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DigiCULT
.
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actual surplus or profit.
- All organisations surveyed placed their
duty to provide low-cost access to
materials to the public above the need
to make a profit from those materials.
- The provision of services is driven by
the public's desire to have access to the
unique, rare and valuable collections
available in European cultural and
heritage institutions.
- No institution was able to quantify
accurately the cost of digital
preservation.
COST STUDY FINDINGS
T
he results are indicative of the
maturity of the market for the sale
of analogue and digital items in the
heritage sector. It also shows the state of
the technical provision and integration of
the business process with wider institu-
tional goals. Obviously many services
offer multiple methods of payment.
Payment options explored
Number of
institutions Percentage
Payment in advance
Payment on delivery
E-commerce
Credit card
Cheque/bank transfer
Invoice
Cash
Other
E
XPLORING
C
HARGING
M
ODELS FOR
D
IGITAL
C
ULTURAL
H
ERITAGE IN
E
UROPE
BY SIMON TANNER,
SENIOR CONSULTANT,
HIGHER EDUCATION DIGITISATION
SERVICES (HEDS).
INTRODUCTION
D
uring 2002 HEDS examined the
new market realities and opportu-
nities that cultural institutions face due to
the transition to digitised collections. The
project explored the cost and policy
models adopted in arriving at pricing
structures for delivering surrogates of
unique or rare items as digital objects.
HEDS
1
was invited to carry out the
research study on behalf of the Andrew
W. Mellon Foundation
2
.
T
he study focused upon libraries,
archives, museums and galleries.
Cultural heritage institutions in the UK
were investigated, with some other
European institutions included - in total,
fifty-one institutions were surveyed and
fifteen were interviewed. As far as the
author is aware, this is the only study to
explore and report upon the pricing prac-
tice and policy for the transition to digital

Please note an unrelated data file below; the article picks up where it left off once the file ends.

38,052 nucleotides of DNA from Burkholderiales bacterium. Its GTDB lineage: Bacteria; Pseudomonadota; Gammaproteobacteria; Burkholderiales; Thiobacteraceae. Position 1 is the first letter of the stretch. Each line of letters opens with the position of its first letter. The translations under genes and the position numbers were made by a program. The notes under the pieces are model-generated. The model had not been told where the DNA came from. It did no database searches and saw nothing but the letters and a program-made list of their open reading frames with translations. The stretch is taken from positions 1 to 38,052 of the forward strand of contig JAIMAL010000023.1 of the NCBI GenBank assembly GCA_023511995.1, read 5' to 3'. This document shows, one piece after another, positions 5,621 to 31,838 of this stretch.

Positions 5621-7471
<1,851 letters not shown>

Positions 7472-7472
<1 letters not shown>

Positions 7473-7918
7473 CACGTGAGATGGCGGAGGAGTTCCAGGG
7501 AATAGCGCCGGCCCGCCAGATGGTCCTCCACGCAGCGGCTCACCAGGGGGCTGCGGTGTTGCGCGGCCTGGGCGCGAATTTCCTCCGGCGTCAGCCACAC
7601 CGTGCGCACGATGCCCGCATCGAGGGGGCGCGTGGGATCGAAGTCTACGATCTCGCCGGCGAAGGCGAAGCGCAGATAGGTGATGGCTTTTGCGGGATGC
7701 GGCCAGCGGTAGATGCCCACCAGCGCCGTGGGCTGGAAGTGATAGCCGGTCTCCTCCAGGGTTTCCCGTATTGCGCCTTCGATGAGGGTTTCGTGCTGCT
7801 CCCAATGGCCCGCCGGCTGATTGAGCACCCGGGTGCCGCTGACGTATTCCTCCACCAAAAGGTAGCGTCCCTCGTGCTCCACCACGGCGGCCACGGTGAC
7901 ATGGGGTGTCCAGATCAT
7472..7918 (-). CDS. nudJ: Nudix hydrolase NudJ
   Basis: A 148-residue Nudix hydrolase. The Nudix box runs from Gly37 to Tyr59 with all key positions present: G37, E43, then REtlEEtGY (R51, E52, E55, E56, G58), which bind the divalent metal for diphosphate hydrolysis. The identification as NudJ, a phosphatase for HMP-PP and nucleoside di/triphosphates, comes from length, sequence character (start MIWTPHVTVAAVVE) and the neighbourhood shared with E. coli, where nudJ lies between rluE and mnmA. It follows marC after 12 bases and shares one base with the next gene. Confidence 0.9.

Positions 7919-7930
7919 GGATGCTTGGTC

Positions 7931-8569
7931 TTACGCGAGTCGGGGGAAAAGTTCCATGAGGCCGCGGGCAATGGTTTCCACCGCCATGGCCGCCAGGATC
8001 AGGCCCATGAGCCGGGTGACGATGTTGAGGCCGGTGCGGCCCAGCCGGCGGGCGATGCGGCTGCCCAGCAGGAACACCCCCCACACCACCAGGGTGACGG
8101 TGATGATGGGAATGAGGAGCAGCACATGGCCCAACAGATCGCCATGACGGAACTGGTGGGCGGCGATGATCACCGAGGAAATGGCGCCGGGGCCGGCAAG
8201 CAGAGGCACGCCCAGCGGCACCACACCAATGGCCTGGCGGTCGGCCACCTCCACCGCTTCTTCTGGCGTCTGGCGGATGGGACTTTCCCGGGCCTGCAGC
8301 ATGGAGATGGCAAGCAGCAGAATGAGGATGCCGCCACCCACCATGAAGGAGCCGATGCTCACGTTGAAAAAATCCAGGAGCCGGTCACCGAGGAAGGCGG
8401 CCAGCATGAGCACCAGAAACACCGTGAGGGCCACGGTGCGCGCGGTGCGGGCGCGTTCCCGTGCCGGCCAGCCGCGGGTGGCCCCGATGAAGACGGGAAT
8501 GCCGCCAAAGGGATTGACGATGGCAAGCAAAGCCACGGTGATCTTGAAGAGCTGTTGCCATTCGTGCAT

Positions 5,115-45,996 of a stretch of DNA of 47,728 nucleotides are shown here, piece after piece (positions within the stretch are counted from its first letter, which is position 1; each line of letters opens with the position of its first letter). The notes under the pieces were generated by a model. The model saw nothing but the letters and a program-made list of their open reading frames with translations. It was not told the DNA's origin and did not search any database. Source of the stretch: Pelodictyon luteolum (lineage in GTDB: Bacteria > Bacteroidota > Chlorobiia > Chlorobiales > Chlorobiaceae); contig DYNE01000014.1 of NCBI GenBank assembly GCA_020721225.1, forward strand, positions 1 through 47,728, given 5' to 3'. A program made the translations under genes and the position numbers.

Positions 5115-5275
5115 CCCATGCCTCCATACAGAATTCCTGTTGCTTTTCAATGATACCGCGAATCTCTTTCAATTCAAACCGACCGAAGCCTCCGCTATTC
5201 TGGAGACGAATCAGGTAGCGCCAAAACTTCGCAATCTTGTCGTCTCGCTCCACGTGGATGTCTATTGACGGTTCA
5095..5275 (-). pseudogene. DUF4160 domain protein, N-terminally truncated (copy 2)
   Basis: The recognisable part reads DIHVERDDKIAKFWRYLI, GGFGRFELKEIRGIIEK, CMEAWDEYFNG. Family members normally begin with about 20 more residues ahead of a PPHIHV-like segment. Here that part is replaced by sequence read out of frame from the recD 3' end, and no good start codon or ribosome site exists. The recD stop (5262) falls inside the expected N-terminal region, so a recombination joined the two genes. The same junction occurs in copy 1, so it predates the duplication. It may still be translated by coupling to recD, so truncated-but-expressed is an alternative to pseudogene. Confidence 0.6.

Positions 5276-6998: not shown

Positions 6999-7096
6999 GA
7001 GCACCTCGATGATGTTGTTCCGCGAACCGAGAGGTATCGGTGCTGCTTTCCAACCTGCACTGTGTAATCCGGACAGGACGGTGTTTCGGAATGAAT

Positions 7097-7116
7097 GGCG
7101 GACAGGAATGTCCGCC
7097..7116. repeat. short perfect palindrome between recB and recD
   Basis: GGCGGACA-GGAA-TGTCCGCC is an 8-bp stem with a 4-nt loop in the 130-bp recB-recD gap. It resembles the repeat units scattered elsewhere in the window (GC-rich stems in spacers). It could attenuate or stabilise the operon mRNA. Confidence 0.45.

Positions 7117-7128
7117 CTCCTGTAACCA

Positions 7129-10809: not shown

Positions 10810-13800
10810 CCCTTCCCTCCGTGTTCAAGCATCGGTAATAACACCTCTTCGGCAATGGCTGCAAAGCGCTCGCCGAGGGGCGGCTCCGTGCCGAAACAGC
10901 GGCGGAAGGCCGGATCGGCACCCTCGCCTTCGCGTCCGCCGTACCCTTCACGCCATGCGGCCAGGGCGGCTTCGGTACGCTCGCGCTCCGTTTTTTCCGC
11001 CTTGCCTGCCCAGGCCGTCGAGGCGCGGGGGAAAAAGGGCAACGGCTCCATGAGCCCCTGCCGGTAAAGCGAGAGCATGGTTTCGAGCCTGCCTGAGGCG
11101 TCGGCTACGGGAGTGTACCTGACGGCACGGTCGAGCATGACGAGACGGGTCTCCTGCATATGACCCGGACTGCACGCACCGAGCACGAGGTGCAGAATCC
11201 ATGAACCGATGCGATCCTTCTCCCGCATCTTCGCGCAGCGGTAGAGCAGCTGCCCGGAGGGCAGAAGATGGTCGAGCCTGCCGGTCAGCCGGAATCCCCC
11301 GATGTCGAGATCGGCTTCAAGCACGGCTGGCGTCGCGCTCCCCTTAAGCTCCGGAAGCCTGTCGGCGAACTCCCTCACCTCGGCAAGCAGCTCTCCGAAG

for a wide range of cultural and heritage
organisations.
C
ultural institutions which hold valu-
able and unique/rare artefacts have
been creating surrogate representations of
these for centuries. Since the development
of photo-reproduction methods, these
institutions have made available a whole
range of secondary images for many
purposes: for scholarship, teaching, public
enjoyment, publication, etc. Most large
libraries, museums and galleries promote
reproductions of their own images as mass
consumer goods such as postcards or
posters. Many institutions also offer on-
demand services to create and supply very
high quality photographs for scholarship
and publication. With the development of
top-of-the-range digital cameras and
scanners, digital reproductions which rival
in quality even the best of photographic
images can now be supplied. As a result
many cultural and heritage institutions are
now turning to digital capture for some
or all of their services. Throughout this
article, the photographic reproductions
are referred to as `analogue' and are com-
pared with the newer `digital' formats. As
the study also dealt only with cultural and
heritage artefacts with significant image
content, contemporary text based formats
(such as printed books and journals) were
excluded from the focus of the work.
T
he study drew a number of wide-
ranging conclusions. Primary among
these are:
- The most powerful deciding factor for
price was the perceived market value of
the item (as defined by what similar
organisations are charging) rather than
the actual cost of creation and
provision.
- Digital is considered a cheaper product
to create and distribute than analogue.
- None of the interviewed institutions
were fully recovering the cost of
creation, management, storage and
service provision solely from the sale of
the digital item itself.
- Only those institutions that accounted
for the revenue raised from the sale of
commercial rights to use the materials
as a part of their operation showed an
1http://heds.herts.ac.uk
2http://www.mellon.org
36
8
5
16
24
18
15
2
71%
16%
10%
31%
47%
35%
29%
4%